This time has been trying, and tough on many people worldwide. Covid-19 has shown how many people are struggling both emotionally and financially. However, the question still remains is it the time to continue the journey to becoming debt-free? I think not.
I first heard about the new coronavirus known as Covid-19 back in the fall of 2019, when the impeachment of Donald Trump trial was taking place. I know… I know you can’t believe I watch that crap, but honestly, if you want to watch the best comedy of this century you should watch it. Our politicians were ridiculous, both sides acting a fool the whole time, with passion and stumbling over words they could not support or defined. The best laugh I have had in ages.
Anyways I am getting off track…
Like many people in my generation I was raised by someone who was raised by a parent that survived the great depression. To limit that confusion my grandma taught me at a young age that you always should be prepared for the worst.
Going into grandma’s pantry she always had nonperishables and she stocked up every time something went on sale. As I grow up I started doing the same for two reasons. First, why pay more when you don’t have to. Second, I think being moderately prepared is always a good thing.
So toiletries, canned goods, pasta, dried beans, and even freezer items were stocked and ready before this hit. All on sale or with coupons.
As for our debt and bills, however, how can we plan ahead? How can we know what impact things are going to take?
My Personal Reason for Pausing Our Journey to Becoming Debt-Free
Pausing our journey to becoming debt-free was not a decision we took lightly. It is also a personal decision. Remember I am not a financial advisor nor am I a money guru. I am just a wife, mom, and a human making right my money spending wrongs.
Greg is an essential worker and my virtual assistant job has been steady. Still, I don’t think the risk of paying off debt right now out weights the benefit.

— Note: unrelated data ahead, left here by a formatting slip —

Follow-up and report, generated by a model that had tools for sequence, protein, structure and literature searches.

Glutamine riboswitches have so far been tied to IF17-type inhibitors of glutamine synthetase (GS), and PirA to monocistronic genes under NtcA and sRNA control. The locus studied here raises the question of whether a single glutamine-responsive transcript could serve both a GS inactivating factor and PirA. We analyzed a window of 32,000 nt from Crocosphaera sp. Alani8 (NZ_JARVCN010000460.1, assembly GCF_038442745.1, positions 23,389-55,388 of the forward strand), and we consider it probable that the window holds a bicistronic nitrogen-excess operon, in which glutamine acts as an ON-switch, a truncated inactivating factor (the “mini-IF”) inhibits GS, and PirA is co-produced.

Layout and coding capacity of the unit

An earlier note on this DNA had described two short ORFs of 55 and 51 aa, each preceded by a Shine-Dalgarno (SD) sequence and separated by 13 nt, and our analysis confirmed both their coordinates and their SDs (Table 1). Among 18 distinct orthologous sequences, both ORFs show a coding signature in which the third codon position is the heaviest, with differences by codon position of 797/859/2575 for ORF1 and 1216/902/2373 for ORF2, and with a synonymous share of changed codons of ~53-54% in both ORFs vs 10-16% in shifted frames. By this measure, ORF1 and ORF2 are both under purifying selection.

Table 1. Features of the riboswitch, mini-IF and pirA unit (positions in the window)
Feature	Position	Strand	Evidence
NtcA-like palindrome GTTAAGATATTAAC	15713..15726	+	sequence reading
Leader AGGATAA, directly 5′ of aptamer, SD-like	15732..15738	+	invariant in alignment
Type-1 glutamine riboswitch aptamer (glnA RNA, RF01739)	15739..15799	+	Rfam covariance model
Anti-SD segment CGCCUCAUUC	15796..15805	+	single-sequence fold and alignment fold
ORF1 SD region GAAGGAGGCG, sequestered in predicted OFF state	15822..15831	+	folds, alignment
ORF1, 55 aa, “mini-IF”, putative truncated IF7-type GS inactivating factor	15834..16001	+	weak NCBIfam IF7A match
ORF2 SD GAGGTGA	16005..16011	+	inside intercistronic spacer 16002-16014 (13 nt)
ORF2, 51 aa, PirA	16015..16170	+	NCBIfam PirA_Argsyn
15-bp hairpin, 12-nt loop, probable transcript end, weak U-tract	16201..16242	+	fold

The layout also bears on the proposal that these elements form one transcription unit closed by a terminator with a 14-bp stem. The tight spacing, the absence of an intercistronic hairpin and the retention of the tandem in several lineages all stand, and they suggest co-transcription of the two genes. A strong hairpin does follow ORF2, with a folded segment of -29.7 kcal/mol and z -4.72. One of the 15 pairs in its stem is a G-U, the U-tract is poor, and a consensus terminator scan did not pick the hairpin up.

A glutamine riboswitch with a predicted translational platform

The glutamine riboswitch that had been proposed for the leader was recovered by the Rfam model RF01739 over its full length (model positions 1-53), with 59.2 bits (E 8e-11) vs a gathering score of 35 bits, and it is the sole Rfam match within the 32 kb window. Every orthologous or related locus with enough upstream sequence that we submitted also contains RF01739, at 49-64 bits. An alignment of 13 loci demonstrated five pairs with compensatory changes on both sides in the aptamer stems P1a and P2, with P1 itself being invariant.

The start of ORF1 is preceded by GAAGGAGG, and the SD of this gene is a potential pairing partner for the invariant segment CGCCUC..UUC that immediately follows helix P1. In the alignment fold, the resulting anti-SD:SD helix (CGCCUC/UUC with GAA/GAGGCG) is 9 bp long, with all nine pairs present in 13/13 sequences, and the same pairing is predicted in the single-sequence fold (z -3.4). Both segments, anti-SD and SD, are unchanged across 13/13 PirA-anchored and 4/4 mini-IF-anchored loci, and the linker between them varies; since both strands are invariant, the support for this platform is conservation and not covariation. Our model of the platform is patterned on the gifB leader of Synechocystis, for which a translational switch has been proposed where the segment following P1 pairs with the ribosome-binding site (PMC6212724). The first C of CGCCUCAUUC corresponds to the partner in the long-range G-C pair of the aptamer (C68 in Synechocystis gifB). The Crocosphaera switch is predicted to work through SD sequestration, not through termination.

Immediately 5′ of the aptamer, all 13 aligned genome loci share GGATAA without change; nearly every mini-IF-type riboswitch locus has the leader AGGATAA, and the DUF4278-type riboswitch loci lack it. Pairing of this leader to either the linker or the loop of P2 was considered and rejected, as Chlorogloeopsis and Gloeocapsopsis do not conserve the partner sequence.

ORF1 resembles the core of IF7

First off, if our hours get cut and we need extra money to pay rent, utilities, phone, or even medical bills we will end up getting deeper in the debt hole.
Second, with all the uncertainty I am just not comfortable handing over the money right now. There are just too many “what ifs” running through my head.
For those simple reasons, we are not paying off my debt right now. I feel any extra money coming in is better off in an emergency fund.
Would I like to still pay off debt… oh hell yes… but I think the peace of mind of being prepared has helped ease some of the tension and stress this year has brought. Knowing I am somewhat prepared if things hit the fan is what is important at this time.
With all my worry one may think to freeze their spending. But to be honest we haven’t.
This spring I decided to expand our garden. This was what I call an essential spend. If the virus peak again this fall/winter I hope to have lots of veggies stocked up in the freezer, salsa, marinara sauce, tomatoes, and all the good stuff.
When we spend we try to make it benefit our future. So when we spend we ask, “What good is this going to do? Is it something that will help us in the long run?”
We also would like to hold on to the only restaurant we love in this town, so we order form them once ever so often. Keeping your favorite restaurant is benefiting your future… right?
The good news is we haven’t accumulated more debt. So even thought we are not focused on it with the small payments we are making the debt is going down.
I hope by the end of the year we can get to tackling our debt but for now we are just playing it safe and saving, and putting a pause on out journey to becoming debt-free.
More About Our Financial Journey Here